Rich Internet Application Architecture

Rich Internet Applications

Rich Internet Applications (RIA’s) combine the maturity, stability and scalability of service orientation with state of the art display technology to create the next wave of web based distributed applications. One of the drivers behind the move to RIA’s is that in an Internet based world, the competition for visitors (eyeballs) and the need for those visitors to come back (stickiness) is central to the success of online business. The role of the designer is, now more than ever, as important to the success of RIA projects as are developers.

As Professor John Heskett states in his paper ‘Why Design Matters’, ‘…designers specialize in the detailed interaction between what a company produces and the lives of its users...’. The designer has the ability to make a connection with the user through layout, color, shape, text and movement. As a result of the success of these design decisions, it is more likely that the user will make an emotional connection to the application and by association, the company. The user will fall in love with the application and desire to use its features over and over again. Eyeballs and stickiness…the goal of RIA’s.

As architects, it is our role to define the process, tools and patterns that will allow designers and developers to work together to deliver Rich Internet Application solutions.

The Microsoft Platform for RIA’s

The Microsoft Platform offers the cross browser, cross platform technology as well as the collaborative work environment and integrated tools set that designers and developers will need to create this type of solution. Microsoft Silverlight is a cross-browser, cross-platform, and cross-device plug-in for delivering the next generation of .NET based media experiences and rich interactive applications for the Web. Expression Blend is the IDE for designers for creating Silverlight and Windows Presentation Foundation (Rich Desktop) solutions. Visual Studio 2008 is the IDE for developers that provides multi-language development, debugging and testing.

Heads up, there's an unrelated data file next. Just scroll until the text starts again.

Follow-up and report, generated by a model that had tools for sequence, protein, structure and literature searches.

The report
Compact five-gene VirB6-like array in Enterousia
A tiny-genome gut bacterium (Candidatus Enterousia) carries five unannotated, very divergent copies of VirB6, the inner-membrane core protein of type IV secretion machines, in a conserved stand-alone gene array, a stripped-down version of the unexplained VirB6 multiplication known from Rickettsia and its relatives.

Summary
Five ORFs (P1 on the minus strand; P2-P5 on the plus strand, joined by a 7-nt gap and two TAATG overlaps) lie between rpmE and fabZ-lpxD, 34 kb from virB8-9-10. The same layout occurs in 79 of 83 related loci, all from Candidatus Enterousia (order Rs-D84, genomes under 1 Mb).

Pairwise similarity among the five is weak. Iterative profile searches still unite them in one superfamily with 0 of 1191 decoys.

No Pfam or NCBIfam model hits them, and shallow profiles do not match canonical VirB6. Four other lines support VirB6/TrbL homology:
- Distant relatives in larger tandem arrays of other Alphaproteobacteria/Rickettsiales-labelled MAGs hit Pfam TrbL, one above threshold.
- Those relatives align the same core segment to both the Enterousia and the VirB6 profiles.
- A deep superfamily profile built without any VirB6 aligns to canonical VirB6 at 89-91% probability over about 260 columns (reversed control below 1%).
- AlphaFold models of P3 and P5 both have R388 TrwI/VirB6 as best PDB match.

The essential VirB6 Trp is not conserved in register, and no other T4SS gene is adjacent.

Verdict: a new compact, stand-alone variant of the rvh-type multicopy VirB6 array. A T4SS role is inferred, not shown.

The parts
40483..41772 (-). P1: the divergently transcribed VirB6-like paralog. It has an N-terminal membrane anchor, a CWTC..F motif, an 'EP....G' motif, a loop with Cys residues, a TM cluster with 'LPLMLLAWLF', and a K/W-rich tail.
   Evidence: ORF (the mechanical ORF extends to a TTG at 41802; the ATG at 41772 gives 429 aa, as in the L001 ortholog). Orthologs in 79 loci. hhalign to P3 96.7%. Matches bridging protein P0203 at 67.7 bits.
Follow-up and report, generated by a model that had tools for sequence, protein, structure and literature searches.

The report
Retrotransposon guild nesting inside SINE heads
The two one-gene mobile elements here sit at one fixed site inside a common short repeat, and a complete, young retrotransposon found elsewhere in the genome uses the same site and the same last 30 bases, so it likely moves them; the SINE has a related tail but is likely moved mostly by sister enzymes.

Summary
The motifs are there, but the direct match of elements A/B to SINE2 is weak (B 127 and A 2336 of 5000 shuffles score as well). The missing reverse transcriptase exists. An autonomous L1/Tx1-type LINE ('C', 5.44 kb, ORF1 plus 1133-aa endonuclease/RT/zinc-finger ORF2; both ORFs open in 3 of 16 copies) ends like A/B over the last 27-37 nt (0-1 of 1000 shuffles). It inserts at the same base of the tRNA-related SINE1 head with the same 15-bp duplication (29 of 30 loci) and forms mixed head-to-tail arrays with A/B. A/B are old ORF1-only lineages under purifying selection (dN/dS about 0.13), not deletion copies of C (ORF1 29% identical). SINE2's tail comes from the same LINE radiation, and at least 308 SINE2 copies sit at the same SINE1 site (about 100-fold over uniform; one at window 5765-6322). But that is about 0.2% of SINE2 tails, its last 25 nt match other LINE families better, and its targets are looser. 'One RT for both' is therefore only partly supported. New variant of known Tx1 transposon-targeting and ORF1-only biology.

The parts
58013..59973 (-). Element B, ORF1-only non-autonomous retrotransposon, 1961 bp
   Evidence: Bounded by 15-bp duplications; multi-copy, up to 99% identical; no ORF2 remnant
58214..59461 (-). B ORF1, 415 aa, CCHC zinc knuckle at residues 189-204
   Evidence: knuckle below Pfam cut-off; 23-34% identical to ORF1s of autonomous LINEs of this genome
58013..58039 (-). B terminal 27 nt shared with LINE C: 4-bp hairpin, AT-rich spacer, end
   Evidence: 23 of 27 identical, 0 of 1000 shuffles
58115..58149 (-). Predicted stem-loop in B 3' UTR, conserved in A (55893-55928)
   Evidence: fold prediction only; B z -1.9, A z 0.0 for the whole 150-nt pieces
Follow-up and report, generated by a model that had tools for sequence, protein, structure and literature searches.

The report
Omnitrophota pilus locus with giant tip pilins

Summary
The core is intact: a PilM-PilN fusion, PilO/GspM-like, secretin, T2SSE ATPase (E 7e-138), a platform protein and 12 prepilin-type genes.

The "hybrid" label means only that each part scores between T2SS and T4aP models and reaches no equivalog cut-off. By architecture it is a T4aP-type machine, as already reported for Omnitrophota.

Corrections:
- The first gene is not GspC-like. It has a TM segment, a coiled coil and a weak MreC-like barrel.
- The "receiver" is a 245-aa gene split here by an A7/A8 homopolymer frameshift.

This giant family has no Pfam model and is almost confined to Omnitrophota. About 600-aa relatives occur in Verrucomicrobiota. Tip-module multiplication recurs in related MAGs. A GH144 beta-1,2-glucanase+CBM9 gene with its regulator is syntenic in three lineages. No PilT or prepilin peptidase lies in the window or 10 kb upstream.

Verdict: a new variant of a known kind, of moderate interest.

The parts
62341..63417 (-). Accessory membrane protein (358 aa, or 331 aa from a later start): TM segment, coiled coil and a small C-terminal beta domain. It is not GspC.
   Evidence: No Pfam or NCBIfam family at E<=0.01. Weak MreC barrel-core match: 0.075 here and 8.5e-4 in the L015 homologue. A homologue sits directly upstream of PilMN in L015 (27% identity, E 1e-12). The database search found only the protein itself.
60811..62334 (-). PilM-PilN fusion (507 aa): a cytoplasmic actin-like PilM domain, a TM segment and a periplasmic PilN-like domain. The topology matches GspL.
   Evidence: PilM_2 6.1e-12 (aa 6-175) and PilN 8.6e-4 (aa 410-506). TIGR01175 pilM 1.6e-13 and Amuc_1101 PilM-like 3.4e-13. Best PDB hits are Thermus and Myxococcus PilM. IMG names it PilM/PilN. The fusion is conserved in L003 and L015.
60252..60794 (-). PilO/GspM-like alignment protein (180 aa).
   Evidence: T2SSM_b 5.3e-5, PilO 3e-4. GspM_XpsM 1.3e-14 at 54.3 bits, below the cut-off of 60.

A major improvement in the designer/developer workflow is provided by the integration between Expression Blend and Visual Studio. Both Expression Blend and Visual Studio work on the same set of project files and folder structure. A project placed under source code control can be extracted and worked on by either the designer using Blend or the developer using Visual Studio. When updates are checked back, they can then be accessed by other team members without modification to the source or project structure. There is no impedance mismatch between what the designer intends and what the developer delivers into production.


Expression Blend 2.5 March Preview


Visual Studio 2008

Designer/Developer Workflow

The files that designers work on are the files that describe the user interface. With Silverlight, these files are expressed in the eXtensible Application Markup Language (XAML, pronounced zamel). XAML is an XML based .NET language for describing the hierarchical structure of an event driven user interface that is constructed of layout controls, vector graphics, animations and user controls. Expression Blend provides the WYSIWYG graphical IDE for editing and debugging XAML.